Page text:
He adds: “The thing is, you have good and bad people all over the estate. We have never had any trouble with anybody, but I’m sure if you are picking out people you could get those who would speak ill of the estate.”

Tommy Crawford is another local who has raised a family in Kilcooley.

“My wife was from England and we lived in east Belfast for 11 years then moved down here,” he tells me.

“We’ve lived here for about 38 years. I’m in (Kilcooley Community) Forum, and I’m am elder in the Presbyterian church.”

Tommy says he has seen many changed in the estate over the years, in terms of both its physical appearance, and its mindset.

“There have been clean-ups, and the people are a lot more friendly. There is less fear that what there was.

“The church does a lot, volunteers would go around painting and decorating people’s houses who have just moved in, unmarried mothers, and things like that.”

He admits he wasn’t impressed by the programme The Estate.

“I only saw one episode and one was enough for me. I didn’t think they put it over (in the right light). They only focused on a couple of people, they weren’t worried about the people who had maybe done something for the estate.”

Another person who believes The Estate misrepresented the people of Ballysally is Jim Martin, who works for Bangor Alternatives, a community-led, government accredited restorative justice project, which aims to redirect young people away from crime and address anti-social behaviour.

Explaining the role played by Alternatives, Jim says: “If a youngster smashes a window, and the police decide to take him to court, think of the expense. On the day of the court, the solicitor does all the talking, and then he’ll probably get lunch with his parents on the way home, whereas our way he has to go in front of the victims and apologise personally. They (the perpetrators) are taking responsibility for their own actions. And it’s cost effective.”

Jim is originally from Belfast, but has lived in Kilcooley for 40 years. Like Tommy, he says there have been vast changes in the area.

“A number of years ago people saw the way it was going, it was going downhill, and they said, ‘look, we have to live here’.

“Today, every age is catered for in this estate; there are the over 50s, the youth. Everything is well used and there’s a very good community spirit about this place.”

Indeed, community spirit is so important in this estate, that in 1996, an umbrella organisation was set up to oversee the work of 14 constituted, active groups.

Kilcooley Community Forum meets on a monthly basis, its community development manager, Mark Gordon, tells me, “to look at the issues that the groups are set up to address to find out if they are addressing them and if not, why not?”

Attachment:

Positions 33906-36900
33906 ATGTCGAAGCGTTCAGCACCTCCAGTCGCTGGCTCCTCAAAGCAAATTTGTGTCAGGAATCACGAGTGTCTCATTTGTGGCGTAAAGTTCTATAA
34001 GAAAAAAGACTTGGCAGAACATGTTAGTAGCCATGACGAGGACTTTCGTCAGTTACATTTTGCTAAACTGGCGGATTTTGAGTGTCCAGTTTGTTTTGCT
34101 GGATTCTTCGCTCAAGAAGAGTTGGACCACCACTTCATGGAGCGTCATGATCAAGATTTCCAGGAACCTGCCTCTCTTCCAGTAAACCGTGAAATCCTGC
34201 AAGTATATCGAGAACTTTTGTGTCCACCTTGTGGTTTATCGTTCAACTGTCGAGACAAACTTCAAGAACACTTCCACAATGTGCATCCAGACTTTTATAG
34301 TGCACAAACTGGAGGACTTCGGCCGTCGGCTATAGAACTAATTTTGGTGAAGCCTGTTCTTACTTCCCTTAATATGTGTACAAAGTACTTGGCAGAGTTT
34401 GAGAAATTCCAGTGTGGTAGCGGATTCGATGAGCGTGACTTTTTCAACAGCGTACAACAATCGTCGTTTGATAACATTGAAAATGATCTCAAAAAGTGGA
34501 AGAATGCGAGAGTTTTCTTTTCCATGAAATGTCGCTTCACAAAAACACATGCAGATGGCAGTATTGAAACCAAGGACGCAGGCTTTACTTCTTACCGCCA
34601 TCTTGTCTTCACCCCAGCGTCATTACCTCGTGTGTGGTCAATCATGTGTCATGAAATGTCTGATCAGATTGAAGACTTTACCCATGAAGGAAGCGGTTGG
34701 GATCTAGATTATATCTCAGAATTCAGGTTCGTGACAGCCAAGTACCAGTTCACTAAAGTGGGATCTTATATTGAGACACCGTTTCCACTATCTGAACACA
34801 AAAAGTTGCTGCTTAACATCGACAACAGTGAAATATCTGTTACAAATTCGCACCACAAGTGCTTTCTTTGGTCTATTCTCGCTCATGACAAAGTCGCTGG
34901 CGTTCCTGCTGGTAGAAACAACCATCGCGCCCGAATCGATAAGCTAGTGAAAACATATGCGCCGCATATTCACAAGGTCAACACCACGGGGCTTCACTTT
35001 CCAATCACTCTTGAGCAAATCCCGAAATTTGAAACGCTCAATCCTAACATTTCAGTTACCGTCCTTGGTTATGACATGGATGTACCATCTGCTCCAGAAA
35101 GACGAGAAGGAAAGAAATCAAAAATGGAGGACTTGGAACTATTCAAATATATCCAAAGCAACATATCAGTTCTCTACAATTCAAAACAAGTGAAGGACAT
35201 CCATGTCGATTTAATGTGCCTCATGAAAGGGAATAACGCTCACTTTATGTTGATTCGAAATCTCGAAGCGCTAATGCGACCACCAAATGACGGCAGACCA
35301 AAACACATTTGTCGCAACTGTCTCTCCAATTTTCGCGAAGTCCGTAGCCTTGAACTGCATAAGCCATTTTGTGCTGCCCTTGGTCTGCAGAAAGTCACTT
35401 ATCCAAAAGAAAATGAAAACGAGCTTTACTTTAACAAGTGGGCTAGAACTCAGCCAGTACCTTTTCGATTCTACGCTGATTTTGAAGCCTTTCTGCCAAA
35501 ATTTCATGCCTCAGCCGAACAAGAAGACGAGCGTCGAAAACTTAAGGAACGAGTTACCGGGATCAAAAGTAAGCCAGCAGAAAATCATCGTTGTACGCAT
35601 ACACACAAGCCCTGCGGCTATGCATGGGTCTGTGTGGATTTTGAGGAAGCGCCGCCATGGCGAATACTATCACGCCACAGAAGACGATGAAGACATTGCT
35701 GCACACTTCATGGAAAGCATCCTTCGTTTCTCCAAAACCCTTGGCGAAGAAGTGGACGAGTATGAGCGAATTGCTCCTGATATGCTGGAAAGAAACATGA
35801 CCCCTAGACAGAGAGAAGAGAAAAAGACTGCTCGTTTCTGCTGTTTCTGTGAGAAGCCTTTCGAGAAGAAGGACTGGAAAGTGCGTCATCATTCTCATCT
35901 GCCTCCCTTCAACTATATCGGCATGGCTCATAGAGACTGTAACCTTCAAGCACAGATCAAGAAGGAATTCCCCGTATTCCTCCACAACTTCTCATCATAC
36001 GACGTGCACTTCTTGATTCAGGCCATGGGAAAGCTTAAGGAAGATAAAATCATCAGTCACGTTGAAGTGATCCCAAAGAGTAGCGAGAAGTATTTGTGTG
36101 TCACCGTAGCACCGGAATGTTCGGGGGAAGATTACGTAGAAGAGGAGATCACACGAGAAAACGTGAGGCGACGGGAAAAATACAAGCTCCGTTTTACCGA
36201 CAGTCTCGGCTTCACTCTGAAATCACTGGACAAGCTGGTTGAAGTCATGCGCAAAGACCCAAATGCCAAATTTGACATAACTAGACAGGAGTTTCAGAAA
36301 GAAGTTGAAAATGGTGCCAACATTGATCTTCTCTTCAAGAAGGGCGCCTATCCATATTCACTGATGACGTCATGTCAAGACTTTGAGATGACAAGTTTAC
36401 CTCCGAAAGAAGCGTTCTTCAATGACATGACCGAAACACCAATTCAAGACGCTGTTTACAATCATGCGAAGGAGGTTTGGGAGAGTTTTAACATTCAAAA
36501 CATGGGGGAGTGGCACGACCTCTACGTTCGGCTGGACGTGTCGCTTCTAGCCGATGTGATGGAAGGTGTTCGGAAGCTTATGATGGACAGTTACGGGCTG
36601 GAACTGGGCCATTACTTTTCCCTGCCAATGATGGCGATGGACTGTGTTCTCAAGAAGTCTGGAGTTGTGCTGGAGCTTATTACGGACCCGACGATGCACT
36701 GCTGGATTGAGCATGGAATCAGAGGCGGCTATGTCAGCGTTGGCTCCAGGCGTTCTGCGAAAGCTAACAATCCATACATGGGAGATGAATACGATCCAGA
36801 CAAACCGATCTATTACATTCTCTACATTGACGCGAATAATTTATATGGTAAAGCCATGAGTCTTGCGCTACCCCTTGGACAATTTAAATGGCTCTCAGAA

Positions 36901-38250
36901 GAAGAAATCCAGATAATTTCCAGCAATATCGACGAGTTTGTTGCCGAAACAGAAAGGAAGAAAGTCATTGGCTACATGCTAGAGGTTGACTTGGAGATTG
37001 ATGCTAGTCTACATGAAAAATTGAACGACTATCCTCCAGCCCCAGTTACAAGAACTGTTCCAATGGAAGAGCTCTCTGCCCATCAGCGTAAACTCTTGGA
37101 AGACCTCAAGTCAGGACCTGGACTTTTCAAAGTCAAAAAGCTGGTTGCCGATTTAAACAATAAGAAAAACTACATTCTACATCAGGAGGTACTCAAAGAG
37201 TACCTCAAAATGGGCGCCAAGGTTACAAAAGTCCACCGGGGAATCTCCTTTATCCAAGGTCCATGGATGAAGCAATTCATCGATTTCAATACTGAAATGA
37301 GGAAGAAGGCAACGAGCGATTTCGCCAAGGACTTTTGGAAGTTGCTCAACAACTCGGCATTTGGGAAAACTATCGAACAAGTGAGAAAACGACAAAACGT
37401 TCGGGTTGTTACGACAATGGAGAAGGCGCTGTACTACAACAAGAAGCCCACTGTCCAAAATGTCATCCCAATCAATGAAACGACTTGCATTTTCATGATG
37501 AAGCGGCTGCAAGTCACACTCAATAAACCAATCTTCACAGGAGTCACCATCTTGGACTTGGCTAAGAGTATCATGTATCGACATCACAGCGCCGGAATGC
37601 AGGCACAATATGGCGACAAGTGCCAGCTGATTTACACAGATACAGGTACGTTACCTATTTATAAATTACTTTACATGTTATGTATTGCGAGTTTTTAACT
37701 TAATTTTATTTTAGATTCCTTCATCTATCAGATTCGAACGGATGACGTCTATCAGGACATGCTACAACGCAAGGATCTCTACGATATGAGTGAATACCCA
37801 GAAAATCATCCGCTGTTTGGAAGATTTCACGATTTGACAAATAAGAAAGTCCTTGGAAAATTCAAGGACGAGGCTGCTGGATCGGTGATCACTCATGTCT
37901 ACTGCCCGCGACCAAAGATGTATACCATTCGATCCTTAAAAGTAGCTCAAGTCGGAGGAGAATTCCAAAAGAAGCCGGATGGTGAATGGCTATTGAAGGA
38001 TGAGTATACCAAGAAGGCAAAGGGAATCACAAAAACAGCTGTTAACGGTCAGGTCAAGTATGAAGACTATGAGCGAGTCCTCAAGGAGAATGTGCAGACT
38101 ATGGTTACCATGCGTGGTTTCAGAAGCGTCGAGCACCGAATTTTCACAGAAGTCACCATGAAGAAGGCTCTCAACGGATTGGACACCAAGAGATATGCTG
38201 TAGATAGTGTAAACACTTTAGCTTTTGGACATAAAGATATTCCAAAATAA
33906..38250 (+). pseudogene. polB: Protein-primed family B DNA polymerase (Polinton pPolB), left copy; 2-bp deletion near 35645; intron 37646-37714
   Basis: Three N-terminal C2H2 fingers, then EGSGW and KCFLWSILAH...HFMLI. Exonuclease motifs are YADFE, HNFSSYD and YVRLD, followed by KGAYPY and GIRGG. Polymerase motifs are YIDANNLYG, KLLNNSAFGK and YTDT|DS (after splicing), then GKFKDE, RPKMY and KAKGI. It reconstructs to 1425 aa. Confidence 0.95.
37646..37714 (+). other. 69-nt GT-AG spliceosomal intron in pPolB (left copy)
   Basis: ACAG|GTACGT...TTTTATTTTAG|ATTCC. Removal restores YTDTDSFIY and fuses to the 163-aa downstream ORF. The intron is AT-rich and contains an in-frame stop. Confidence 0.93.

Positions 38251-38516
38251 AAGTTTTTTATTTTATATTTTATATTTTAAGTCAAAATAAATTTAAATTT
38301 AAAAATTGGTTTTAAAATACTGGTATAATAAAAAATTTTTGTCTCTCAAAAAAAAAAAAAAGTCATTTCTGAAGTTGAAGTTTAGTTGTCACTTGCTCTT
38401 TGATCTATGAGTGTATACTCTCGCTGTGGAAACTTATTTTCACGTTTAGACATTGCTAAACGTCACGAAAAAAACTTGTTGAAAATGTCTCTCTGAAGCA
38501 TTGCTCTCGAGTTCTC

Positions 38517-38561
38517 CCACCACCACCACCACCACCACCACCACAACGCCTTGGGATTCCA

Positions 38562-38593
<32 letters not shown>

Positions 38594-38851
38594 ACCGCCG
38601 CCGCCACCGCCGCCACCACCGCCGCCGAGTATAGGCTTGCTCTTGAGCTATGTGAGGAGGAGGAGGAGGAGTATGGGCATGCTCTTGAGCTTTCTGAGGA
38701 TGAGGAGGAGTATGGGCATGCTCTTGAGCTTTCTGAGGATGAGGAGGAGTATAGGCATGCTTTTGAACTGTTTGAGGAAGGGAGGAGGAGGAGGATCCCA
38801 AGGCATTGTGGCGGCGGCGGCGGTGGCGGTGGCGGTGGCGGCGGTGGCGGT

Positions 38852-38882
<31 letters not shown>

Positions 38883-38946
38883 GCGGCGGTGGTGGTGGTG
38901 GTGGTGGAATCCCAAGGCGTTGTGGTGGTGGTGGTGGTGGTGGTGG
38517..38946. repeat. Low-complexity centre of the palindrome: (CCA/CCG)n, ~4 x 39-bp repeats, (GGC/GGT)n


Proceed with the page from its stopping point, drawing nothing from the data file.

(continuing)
Just some of the groups under the Forum’s remit include its sports forum, over 50s club, and fishing club.

“Basically, the Forum was set up to stop the community going further into decline,” says Mark, adding that pre-1996, Kilcooley suffered from the effects of anti-social behaviour and crime, social housing and drug problems, and unemployment issues.

He says some residents could recall the times when the police refused to walk through the estate, and would only come in if they were travelling in landrovers, and there were “high levels of paramilitary activity with punishment beatings and shootings” occurring.

He continues: “The turnover in the estate was quite high. There was a bigger waiting list to get out than there was to get in, and we were in partnership with the Housing Executive offering thousand pound grants for people to move into Kilcooley.”

Nearly 20 years on, and Mark reveals that in the past year alone, there has been a 27 per cent reduction in crime, and there are over 800 people on the waiting list to get a home in the estate.

Perhaps most significant of all, Kilcooley is now, he says, a “vibrant active community.”

Local DUP councillor and current Deputy Mayor of North Down Alan Leslie lived in Kilcooley for five or six years, and has been heavily involved in working to improve the area.

He says great steps have been taken since the community emerged on the other side of the Troubles, but what needs to be next on the agenda are more chances for residents to have a better standard of living, and great opportunities to educate themselves.

“Going to university, getting an education, bettering themselves - that’s what it’s all about,” says the softly-spoken Fermanagh native as we chat over a coffee in the drop-in cafe and shop run by the friendly ladies of Kilcooley Presbyterian Church.

“We fought our way through it and worked our way through it,” he says of the dark period that was the Troubles.

“My view was always to try and work with people and try and do our best.”

Indeed, that concept of self-betterment seems to be the main hope for those living in Kilcooley.

As Michelle Martin rightly points out, some of what we witnessed on The Estate goes on day and daily in every community - “and not just estates, but all over the world.”

And as she states, ultimately, where our concern should lie is with “trying to help the people and better their lives.”